The effects of neural gain on attention and learning


Attention is commonly thought to be manifest through local variations in neural gain. However, what would be the effects of brain-wide changes in gain? We hypothesized that global fluctuations in gain modulate the breadth of attention and the degree to which processing is focused on aspects of the environment to which one is predisposed to attend. We found that measures of pupil diameter, which are thought to track levels of locus coeruleus norepinephrine activity and neural gain, were correlated with the degree to which learning was focused on stimulus dimensions that individual human participants were more predisposed to process. In support of our interpretation of this effect in terms of global changes in gain, we found that the measured pupillary and behavioral variables were strongly correlated with global changes in the strength and clustering of functional connectivity, as brain-wide fluctuations of gain would predict.

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Figure 1: The effect of gain on attention and learning.
Figure 2: Relationship between learning performance and ILS scores.
Figure 3: Relationship between pupil diameter and BOLD response to task-relevant and task-irrelevant stimuli.
Figure 4: Simulation of the effect of global changes in gain on functional connectivity strength and clustering.
Figure 5: Global fluctuations in local functional connectivity.
Figure 6: Pupil diameter and whole-brain functional connectivity.
Figure 7: Pupil diameter and local functional connectivity.
Figure 8: The clustering of functional connections, pupil diameter and task performance.


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We thank N. Turk-Browne and P. Dayan for helpful comments on earlier versions of the manuscript. This research was funded by US National Institutes of Health grants R03 DA029073 and R01 MH098861, a Howard Hughes Medical Institute International Student Research fellowship to E.E. and a Sloan Research Fellowship to Y.N. The authors also wish to thank the generous support of the Regina and John Scully Center for the Neuroscience of Mind and Behavior in the Princeton Neuroscience Institute.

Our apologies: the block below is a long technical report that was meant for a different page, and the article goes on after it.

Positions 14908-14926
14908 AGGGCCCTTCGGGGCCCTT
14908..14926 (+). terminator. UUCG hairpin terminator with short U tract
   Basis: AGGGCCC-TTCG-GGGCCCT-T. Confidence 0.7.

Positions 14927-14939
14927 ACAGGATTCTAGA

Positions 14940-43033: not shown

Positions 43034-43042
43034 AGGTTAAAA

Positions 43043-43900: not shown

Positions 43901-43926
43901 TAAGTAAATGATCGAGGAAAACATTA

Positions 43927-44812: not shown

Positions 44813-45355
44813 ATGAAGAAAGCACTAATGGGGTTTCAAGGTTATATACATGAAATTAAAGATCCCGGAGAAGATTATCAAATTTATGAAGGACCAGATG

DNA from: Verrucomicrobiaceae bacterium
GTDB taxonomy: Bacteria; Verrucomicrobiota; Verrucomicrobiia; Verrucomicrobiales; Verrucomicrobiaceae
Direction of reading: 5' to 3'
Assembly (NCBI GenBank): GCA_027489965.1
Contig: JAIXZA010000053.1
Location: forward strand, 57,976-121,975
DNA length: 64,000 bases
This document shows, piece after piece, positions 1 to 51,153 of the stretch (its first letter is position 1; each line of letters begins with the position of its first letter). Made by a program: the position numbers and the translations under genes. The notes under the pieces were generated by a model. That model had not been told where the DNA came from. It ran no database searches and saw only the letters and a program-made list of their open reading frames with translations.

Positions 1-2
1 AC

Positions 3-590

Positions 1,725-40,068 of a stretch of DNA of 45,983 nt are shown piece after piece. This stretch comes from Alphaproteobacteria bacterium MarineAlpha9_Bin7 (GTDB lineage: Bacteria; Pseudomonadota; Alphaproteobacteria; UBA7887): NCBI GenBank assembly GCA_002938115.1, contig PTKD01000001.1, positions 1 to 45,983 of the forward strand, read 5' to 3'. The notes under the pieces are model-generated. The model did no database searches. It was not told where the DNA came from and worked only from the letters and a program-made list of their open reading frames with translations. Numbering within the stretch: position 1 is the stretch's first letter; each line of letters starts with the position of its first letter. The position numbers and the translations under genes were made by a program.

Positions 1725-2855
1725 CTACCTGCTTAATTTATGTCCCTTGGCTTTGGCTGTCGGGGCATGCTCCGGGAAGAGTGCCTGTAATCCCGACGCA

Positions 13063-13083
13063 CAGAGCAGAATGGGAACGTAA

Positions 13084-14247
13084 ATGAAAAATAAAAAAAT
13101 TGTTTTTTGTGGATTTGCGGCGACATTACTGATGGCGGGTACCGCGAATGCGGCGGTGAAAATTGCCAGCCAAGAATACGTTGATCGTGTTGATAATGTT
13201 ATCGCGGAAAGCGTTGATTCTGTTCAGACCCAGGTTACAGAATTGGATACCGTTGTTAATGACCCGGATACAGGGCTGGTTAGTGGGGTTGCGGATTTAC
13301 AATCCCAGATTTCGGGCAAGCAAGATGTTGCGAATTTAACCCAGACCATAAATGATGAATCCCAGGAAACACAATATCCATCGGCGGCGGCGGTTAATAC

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E.E. and Y.N. designed the study with consultation from J.D.C. E.E. and Y.N. analyzed the data, and all of the authors contributed to discussion and interpretation of the findings and writing the manuscript.

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Correspondence to Eran Eldar.

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The authors declare no competing financial interests.

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Eldar, E., Cohen, J. & Niv, Y. The effects of neural gain on attention and learning. Nat Neurosci 16, 1146–1153 (2013).

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